Part 3 consists of the journey to the West and the struggles they face along the way. Onye and Mwita have experience living in the desert, but for the others, the journey is more difficult than they expected; moreover, while Onye has used her powers to undo the Rite, allowing her and Mwita to have intercourse, the others are still bound by the magic preventing them from doing so before marriage, making things especially tense between Diti and Fanasi. One night, when they pass near a town, Diti and Binta angrily sneak off into the town in order to go out drinking and flirting with men; when the others find them, though, Onye is almost raped by a group of men who assume she is a sex worker because she is Ewu, and she responds by nearly killing the men. They discover that there are twins in the town, as well, who happen to be the twins of the Ada of Jwahir, one of whom is sick with scoliosis; Onye tries to heal her, but at the last minute, the woman prevents it, and Onye ends up killing her instead.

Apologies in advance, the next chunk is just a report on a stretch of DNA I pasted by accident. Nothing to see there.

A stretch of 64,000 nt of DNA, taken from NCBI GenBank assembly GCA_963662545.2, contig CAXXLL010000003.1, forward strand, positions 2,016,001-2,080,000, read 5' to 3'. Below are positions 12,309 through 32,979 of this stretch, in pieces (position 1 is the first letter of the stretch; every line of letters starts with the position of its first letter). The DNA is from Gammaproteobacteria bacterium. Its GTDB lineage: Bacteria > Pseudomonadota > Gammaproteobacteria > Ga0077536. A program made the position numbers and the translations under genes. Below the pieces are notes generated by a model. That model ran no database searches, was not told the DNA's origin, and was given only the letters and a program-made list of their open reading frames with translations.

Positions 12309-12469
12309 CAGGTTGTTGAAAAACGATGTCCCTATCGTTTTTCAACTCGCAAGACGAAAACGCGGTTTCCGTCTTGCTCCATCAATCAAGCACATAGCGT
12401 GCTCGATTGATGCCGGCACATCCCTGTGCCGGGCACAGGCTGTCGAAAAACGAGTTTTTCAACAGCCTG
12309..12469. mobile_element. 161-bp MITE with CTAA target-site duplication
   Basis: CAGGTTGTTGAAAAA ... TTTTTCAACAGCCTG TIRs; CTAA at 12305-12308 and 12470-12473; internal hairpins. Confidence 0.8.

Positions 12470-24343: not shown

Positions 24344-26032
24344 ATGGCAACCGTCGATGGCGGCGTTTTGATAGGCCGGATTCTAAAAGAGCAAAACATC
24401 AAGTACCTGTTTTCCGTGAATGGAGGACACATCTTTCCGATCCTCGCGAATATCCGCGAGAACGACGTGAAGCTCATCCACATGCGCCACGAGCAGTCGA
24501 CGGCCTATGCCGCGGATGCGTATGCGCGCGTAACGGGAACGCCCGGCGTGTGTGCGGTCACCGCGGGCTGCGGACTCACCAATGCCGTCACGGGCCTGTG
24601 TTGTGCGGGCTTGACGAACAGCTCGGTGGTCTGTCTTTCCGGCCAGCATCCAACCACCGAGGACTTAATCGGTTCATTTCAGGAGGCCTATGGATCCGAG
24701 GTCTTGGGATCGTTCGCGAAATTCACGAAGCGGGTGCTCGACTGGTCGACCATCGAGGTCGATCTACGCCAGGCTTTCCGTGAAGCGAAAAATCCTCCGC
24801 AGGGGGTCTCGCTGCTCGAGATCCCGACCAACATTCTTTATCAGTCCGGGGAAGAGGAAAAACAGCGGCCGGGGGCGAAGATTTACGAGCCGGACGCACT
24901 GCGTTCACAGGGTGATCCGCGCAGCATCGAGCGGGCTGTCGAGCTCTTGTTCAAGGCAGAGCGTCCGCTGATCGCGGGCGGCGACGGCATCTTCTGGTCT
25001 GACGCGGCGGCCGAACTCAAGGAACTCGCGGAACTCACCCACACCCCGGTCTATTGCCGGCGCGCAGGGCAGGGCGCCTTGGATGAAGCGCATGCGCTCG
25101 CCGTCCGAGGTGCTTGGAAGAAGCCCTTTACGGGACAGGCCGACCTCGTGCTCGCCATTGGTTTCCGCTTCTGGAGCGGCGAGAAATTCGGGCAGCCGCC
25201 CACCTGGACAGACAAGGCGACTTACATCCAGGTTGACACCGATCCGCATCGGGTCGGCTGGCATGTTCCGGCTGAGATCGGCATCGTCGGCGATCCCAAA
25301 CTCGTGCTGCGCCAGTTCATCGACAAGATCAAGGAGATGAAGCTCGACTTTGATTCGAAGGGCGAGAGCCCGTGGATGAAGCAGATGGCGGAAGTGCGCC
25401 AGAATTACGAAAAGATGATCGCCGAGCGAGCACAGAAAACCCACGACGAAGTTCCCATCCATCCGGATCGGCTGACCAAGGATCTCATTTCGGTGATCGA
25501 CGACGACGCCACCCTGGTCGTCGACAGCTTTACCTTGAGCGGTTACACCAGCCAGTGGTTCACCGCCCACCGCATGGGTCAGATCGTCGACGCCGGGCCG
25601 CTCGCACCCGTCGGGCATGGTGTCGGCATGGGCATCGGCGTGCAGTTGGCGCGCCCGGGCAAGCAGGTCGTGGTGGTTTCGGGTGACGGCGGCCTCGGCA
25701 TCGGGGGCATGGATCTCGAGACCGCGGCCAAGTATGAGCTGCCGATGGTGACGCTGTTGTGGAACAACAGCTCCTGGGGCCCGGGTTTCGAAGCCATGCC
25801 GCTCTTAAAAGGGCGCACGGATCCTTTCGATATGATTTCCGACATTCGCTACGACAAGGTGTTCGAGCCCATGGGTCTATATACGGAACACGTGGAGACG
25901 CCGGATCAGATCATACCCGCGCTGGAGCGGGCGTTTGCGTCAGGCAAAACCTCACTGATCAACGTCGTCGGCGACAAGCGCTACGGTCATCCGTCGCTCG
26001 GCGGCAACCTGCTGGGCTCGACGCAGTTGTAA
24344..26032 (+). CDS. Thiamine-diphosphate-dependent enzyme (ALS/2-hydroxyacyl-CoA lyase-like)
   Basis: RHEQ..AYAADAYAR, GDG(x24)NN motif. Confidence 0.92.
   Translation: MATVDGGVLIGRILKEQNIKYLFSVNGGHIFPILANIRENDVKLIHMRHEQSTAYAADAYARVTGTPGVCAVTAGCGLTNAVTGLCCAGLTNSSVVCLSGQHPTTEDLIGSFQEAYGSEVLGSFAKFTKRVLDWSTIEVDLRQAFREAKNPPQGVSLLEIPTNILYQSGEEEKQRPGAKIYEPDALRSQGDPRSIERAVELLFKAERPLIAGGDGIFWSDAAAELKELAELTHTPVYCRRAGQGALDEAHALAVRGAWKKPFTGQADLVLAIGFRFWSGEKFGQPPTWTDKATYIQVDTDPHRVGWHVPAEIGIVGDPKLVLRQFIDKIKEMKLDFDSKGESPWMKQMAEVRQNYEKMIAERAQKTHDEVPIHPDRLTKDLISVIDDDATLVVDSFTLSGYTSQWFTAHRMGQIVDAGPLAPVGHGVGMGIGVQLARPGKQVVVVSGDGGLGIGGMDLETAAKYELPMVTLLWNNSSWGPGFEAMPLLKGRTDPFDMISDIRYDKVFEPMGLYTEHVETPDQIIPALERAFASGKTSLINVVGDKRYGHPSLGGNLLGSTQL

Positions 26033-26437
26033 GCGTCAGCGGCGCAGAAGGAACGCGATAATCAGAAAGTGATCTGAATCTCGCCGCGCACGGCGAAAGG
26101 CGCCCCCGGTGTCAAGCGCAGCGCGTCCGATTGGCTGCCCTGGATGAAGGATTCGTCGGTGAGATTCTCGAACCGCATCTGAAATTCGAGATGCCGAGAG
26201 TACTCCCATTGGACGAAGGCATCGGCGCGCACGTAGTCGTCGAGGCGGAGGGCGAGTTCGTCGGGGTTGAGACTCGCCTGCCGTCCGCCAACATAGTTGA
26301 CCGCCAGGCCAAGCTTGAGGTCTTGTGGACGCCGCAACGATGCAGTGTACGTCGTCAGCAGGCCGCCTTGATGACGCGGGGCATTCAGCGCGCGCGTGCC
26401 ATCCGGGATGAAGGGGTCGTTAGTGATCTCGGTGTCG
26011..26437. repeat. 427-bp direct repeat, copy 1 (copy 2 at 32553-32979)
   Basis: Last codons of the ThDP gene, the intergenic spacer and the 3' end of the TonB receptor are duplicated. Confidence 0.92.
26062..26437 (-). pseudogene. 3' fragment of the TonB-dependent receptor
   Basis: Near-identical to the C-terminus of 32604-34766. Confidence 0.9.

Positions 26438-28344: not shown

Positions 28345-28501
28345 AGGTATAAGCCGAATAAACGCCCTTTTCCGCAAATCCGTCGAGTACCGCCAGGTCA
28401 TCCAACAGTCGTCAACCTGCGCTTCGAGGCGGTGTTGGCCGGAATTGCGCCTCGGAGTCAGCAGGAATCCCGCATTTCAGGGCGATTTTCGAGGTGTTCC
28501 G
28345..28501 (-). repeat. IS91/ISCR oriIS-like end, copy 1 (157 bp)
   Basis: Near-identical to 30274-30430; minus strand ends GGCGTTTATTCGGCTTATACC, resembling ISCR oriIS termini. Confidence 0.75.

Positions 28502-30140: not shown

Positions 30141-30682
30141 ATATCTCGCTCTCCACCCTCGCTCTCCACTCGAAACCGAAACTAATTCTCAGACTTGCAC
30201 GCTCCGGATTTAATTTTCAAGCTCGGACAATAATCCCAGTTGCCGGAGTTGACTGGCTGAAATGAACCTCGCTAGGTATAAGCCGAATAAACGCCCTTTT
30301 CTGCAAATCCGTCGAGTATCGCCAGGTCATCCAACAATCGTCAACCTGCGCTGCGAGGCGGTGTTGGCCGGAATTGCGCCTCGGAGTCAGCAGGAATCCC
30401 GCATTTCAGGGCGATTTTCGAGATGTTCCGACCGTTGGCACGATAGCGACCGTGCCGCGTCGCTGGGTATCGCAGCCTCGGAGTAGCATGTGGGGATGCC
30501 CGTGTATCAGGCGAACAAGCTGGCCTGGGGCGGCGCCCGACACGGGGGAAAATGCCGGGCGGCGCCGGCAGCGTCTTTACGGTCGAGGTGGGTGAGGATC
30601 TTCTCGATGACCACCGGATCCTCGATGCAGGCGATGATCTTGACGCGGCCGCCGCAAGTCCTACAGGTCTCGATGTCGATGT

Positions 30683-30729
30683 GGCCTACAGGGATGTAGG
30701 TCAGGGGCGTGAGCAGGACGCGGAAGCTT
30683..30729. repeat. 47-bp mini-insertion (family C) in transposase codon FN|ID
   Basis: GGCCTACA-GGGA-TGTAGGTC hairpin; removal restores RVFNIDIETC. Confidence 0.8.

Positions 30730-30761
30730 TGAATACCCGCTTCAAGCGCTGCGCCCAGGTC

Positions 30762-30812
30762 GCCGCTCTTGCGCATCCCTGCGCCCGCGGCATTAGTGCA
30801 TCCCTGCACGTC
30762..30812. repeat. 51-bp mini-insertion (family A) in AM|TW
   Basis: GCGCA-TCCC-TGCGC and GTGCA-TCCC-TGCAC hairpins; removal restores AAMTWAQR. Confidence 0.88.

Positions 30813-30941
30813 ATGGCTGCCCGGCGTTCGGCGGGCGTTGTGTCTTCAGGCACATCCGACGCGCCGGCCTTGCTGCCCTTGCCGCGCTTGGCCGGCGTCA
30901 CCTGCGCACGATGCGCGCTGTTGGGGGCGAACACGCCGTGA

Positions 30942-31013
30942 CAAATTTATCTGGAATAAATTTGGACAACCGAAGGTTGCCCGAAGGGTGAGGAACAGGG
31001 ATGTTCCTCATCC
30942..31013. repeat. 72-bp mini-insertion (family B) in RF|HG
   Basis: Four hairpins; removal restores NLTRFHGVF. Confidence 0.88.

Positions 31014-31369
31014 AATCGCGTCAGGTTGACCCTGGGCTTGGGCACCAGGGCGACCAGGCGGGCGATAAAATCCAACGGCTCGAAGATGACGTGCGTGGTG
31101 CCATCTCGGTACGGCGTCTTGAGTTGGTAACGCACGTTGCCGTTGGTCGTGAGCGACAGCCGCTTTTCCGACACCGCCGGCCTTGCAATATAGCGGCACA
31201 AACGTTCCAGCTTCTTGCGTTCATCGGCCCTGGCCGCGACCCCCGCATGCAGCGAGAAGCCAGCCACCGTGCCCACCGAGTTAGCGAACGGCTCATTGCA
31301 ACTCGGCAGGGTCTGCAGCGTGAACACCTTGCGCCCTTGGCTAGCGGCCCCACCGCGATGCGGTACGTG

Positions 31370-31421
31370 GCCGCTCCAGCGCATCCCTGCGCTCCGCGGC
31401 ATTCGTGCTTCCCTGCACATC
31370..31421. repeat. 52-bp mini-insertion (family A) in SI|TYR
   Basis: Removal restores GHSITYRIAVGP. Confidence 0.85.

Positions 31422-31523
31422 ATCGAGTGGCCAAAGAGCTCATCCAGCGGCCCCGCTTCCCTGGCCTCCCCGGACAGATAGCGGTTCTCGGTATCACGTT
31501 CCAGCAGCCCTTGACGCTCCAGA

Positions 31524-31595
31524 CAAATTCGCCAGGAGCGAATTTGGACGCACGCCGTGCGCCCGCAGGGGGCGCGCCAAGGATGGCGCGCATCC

The next town they encounter is Papa Shee; however, they hardly step foot in the town before a witch doctor gets the town to go after Onye for being Ewu. Binta tries to protect Onye but is killed instead; Onye responds by blinding the entire town. They bury Binta outside of the town and move on. A short while later, they encounter the mythical Red People, a nomadic tribe who roam the desert hidden by a massive sandstorm; while staying with them, Onye learns from their sorcerer and apprentice, Ssaiku and Ting, and has an experience in which she is effectively undone and remade by the Creator. Immediately after being revived, Onye travels to Durfa and tries to kill her biological father, but he defeats her and poisons her; Ting is barely able to save her. While Ting and Ssaiku work to save Onye, Diti and Fanasi use the opportunity to sneak away to return to Jwahir, refusing to die as Binta did.